This information has been provided by Marijuana Industry News and approved by our Chief Medical Officer.

Study: Medical Cannabis Registrants More Likely To Cease Using Opioids Compared To Non-Participants

Photo Credit: NORML

Photo Credit: NORML

According to a new study published in the journal PLOS One, registered medical marijuana patients who use the medication to treat chronic pain are more likely to reduce or cease use of opioids compared to those who are not enrolled and suffer from similar pain conditions. Researchers from the University of New Mexico analyzed prescription use over the course of 21 months in 37 medical marijuana pain patients and 29 non-registered pain patients. They found 83.8% of medical marijuana patients reduced daily opioid use while 44.8% of non-registered patients reduced daily use. Additionally, 40.5% of medical marijuana patients stopped use completely, while only 3.4% of non-registered patients stopped use. Those who enrolled in medical marijuana programs also reported a better quality of life. The authors concluded, “The clinically and statistically significant evidence of an association between MCP enrollment and opioid prescription cessation and reductions and improved quality of life warrants further investigations on cannabis as a potential alternative to prescription opioids for treating chronic pain.”

This information has been provided by NORML and approved by our Chief Medical Officer.

Can Marijuana Help With Back Pain?

Photo Credit: WolfBlur/Pixabay

Photo Credit: WolfBlur/Pixabay

Marijuana’s analgesic and anti-inflammatory properties make it a potential candidate for reducing back pain. Currently, massages or chiropractic therapy, over-the-counter medications, and prescription medications like opioids are used to treat back pain. There are many clinical trials that suggest cannabis could be a powerful treatment option for pain reduction. One study found patients who inhaled vaporized cannabis three times a day over the course of five days significantly reduced their chronic pain. Another review of six clinical trials found “high quality” evidence that cannabis could provide powerful pain relief. One study found 34 patients with treatment-resistant chronic pain cannabis extracts significantly improved pain management. Indeed, most patients in the U.S. and Canada cite chronic pain as their main reason for using medical marijuana. Researchers believe cannabis is able to combat pain by interacting with the endocannabinoid system and blocking pain signals from being sent to the brain.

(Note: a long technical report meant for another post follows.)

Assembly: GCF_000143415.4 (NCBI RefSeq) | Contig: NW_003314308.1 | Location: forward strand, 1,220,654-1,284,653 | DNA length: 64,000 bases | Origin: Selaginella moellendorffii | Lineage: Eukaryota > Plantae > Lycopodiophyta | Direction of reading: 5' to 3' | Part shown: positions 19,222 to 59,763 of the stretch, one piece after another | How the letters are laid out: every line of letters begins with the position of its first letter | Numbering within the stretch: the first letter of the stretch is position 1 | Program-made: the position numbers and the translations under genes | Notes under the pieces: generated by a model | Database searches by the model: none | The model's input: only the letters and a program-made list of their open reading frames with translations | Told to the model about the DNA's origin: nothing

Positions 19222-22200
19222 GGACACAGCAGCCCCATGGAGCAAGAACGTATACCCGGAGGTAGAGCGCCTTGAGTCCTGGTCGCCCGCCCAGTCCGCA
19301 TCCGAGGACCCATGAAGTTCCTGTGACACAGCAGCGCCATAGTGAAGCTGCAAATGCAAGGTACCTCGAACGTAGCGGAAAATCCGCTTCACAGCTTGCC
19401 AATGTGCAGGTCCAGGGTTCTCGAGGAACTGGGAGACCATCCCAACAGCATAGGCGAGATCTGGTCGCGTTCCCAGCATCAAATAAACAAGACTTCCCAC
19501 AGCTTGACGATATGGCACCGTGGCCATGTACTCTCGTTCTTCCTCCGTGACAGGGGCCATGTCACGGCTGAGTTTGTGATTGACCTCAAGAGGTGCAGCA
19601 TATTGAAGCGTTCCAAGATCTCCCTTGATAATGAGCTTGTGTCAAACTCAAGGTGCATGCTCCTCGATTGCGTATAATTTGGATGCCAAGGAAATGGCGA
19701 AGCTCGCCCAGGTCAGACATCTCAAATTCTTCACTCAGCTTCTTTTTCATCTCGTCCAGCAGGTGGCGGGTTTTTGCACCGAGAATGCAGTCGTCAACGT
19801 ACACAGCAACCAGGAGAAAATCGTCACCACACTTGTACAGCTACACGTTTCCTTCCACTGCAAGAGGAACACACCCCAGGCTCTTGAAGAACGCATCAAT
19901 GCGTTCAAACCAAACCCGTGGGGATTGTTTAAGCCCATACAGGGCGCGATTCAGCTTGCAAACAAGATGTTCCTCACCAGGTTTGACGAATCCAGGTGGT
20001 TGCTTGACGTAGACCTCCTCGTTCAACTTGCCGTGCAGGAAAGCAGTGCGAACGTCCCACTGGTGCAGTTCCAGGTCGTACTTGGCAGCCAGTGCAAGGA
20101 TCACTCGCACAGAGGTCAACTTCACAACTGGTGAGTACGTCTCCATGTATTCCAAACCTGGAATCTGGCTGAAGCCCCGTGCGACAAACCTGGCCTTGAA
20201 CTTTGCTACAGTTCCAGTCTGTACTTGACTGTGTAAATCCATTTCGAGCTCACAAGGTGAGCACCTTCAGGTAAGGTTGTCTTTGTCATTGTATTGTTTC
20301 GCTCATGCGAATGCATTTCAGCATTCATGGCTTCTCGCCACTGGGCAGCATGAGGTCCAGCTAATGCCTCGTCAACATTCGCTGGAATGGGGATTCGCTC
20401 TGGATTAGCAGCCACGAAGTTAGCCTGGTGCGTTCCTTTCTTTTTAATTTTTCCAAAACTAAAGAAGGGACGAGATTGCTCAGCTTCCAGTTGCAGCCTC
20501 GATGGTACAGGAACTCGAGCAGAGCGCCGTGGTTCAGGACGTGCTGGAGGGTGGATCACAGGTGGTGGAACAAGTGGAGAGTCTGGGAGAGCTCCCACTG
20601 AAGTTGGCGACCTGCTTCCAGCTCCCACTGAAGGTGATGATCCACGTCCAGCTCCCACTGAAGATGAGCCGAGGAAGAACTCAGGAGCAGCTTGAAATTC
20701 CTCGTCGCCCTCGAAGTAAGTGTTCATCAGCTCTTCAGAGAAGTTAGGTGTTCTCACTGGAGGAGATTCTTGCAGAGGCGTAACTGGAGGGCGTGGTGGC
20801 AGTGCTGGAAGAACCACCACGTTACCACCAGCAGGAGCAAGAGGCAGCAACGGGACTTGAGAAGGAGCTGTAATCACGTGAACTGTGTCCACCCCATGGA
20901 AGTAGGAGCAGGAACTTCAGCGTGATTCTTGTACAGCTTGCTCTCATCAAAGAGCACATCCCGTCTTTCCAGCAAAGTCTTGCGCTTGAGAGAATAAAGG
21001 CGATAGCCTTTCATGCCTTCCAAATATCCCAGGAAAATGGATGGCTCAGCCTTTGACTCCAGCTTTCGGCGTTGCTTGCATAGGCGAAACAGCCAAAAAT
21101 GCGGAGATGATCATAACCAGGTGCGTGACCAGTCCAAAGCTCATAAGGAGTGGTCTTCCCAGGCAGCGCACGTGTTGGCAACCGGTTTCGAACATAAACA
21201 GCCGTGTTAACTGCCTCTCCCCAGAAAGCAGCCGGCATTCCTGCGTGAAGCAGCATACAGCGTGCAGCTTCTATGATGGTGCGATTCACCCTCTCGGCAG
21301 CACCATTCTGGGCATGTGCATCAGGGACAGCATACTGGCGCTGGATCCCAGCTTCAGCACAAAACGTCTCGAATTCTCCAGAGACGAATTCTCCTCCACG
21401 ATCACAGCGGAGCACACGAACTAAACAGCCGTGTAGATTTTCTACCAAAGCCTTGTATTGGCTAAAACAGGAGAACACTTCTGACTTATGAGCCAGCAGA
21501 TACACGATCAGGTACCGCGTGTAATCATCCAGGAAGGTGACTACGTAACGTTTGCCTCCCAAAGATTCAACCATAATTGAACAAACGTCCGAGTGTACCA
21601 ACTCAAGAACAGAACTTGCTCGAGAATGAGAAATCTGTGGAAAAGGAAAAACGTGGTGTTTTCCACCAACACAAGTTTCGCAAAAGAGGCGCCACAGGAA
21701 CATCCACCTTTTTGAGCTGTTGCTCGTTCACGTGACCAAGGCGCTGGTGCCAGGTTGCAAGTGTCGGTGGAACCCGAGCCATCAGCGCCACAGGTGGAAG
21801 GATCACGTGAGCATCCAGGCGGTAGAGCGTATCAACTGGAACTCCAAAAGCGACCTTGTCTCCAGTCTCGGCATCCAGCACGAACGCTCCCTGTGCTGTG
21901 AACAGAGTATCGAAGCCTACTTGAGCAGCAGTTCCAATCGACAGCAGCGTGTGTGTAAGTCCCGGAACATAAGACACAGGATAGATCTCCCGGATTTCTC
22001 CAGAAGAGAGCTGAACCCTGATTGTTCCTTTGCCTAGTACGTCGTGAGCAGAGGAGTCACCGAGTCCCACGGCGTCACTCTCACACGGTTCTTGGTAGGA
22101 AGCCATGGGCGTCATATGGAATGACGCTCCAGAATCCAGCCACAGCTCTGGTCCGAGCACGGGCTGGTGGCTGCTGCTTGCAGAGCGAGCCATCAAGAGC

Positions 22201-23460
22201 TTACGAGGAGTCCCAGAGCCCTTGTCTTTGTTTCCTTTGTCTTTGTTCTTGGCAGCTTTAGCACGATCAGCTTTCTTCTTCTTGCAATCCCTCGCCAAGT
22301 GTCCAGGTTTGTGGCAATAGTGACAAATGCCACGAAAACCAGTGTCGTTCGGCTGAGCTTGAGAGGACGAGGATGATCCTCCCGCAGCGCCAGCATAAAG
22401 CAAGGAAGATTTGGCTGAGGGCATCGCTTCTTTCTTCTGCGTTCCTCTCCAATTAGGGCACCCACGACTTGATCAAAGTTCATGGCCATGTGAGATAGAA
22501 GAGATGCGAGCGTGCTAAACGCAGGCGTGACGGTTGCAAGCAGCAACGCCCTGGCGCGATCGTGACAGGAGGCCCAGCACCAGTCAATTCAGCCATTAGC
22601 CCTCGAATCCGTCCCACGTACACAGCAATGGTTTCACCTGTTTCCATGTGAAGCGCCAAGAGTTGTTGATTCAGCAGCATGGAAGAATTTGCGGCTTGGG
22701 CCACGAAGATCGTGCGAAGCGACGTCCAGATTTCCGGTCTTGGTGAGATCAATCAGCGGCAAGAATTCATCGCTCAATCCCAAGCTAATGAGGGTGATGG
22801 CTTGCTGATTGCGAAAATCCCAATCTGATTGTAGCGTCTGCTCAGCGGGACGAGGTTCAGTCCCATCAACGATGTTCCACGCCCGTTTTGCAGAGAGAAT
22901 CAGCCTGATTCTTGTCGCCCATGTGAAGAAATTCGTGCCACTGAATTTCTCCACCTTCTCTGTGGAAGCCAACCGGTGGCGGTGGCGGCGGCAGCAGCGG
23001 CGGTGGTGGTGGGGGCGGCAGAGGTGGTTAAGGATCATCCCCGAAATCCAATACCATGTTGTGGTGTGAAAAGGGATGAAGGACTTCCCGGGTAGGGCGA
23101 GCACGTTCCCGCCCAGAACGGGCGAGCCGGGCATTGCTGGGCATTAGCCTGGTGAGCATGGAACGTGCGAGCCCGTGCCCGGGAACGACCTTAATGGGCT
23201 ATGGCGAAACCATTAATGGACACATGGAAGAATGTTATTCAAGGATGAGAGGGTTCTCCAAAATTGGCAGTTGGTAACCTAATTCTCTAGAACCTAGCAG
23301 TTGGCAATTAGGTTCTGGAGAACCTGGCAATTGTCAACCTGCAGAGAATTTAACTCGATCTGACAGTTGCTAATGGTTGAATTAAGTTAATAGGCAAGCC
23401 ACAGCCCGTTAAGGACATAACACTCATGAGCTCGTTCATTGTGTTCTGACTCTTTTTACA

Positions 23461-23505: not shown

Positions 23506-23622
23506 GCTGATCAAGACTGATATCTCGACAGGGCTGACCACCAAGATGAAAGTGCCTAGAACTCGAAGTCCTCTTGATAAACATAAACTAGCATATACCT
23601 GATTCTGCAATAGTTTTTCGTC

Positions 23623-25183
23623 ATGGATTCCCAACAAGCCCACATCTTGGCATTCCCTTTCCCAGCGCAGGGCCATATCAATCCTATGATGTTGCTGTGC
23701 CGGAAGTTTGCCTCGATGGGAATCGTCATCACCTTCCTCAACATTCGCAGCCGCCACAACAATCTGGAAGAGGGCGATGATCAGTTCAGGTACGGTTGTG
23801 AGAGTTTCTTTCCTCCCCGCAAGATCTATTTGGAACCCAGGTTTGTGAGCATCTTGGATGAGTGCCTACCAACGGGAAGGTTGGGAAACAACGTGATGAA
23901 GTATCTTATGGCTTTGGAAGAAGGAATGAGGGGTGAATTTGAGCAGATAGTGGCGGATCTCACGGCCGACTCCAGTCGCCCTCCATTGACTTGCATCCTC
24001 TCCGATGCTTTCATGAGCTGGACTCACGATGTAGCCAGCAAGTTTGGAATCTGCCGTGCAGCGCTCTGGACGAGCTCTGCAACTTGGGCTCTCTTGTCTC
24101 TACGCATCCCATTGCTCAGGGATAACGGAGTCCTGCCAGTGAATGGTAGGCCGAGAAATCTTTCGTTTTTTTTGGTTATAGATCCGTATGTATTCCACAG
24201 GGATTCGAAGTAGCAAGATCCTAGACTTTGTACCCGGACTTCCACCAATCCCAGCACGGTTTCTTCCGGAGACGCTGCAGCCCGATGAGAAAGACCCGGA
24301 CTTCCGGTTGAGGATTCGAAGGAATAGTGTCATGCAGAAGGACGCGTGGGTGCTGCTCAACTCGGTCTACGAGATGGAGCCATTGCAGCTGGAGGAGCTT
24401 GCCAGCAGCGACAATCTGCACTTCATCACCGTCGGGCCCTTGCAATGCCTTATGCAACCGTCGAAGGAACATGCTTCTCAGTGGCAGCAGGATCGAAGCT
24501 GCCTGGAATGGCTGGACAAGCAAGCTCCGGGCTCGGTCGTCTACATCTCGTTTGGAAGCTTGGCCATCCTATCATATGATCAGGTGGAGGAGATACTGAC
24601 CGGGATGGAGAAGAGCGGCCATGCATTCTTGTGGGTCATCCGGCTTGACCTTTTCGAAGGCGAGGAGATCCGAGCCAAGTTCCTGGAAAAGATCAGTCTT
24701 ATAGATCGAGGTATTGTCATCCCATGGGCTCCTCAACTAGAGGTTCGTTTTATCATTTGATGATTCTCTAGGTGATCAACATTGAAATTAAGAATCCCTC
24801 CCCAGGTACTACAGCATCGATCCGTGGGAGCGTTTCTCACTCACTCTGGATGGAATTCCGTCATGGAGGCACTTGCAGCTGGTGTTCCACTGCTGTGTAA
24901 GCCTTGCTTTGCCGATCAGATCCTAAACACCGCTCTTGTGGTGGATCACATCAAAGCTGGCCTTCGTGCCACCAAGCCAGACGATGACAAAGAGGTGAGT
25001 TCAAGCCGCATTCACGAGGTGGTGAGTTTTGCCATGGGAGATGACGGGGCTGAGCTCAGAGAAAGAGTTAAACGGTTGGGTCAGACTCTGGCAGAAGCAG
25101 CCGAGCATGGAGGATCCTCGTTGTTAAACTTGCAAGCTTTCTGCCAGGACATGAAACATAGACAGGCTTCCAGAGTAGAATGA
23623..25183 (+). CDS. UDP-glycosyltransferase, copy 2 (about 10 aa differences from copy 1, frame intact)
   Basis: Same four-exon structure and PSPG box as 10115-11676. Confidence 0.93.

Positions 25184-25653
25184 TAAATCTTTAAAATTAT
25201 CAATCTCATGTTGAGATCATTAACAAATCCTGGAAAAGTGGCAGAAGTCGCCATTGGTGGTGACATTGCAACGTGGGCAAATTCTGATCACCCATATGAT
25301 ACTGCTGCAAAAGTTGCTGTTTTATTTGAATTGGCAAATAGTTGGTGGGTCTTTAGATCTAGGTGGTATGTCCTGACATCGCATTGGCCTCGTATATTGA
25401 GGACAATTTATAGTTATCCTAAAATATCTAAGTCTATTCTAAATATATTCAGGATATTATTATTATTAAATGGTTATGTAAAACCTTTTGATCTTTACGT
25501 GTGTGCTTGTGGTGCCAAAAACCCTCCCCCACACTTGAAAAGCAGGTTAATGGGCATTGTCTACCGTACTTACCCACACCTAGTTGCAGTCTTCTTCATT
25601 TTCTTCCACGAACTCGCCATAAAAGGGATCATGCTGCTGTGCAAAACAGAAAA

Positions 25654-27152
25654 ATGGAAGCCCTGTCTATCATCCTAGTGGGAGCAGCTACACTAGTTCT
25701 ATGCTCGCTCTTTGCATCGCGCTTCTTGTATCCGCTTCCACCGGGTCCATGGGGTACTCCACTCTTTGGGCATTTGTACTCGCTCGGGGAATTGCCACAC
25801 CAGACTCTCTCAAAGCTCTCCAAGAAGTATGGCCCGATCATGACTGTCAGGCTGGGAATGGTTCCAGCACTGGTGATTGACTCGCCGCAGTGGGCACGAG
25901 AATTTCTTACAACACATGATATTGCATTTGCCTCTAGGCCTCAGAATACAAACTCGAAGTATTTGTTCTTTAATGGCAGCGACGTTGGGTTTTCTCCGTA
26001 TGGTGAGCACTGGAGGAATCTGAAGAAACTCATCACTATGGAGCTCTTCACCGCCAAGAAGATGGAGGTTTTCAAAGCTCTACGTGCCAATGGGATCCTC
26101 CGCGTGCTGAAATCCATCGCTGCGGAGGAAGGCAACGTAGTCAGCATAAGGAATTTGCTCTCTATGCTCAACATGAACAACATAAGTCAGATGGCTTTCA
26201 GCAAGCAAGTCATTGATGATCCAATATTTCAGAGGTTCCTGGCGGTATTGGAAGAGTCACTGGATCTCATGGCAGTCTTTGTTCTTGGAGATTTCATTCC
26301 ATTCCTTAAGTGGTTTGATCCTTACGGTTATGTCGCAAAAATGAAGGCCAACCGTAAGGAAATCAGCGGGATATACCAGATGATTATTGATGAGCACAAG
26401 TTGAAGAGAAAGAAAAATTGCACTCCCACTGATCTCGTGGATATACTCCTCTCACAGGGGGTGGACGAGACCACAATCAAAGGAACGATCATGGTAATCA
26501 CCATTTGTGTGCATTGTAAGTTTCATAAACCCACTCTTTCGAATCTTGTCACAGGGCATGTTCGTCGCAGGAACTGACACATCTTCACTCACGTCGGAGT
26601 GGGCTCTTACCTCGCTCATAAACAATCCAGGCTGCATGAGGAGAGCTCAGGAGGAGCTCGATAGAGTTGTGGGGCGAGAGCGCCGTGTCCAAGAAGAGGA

At a time when opioids are seemingly overprescribed and the opioid epidemic is rampant, medical marijuana is a welcomed player in pain management. One survey found 97% of participants successfully decreased their use of opioids thanks to marijuana. and 81% found cannabis was more effective on its own at treating their condition. Another survey found 63% of 166 respondents enrolled in Canada’s national medical cannabis system substituted prescriptions with cannabis, and 32% attributed their substitution to fewer side effects and better symptom management.

This information has been provided by Leaf Science and approved by our Chief Medical Officer.

Marijuana and Chronic Pain

Photo Credit: Jurassic Blueberries / Flickr (https://bit.ly/2OAkcaF)

Photo Credit: Jurassic Blueberries / Flickr (https://bit.ly/2OAkcaF)

Medical marijuana is recognized for its analgesic properties, which makes it beneficial for those who suffer from chronic pain or other pain producing conditions, and which could have significant implications in the fight against the opioid epidemic. One study published in 2015 in the Journal of the American Medical Association (JAMA) that analyzed six trials involving a total of 325 patients with chronic pain and six trials involving 396 patients with neuropathic pain found both THC and CBD provided effective analgesic and anti-inflammatory effects. Many find marijuana preferable to pharmaceutical medications because it is not only effective, but also has little habit-forming risk, has few side effects, and cannot cause a fatal overdose. States that have enacted medical marijuana laws have witnessed a 15-35% reduction in substance abuse admissions and opiate overdoses, according to public health records. Marijuana may provided an appropriate substitute for opioid medications and may also help with the withdrawal process from such medications.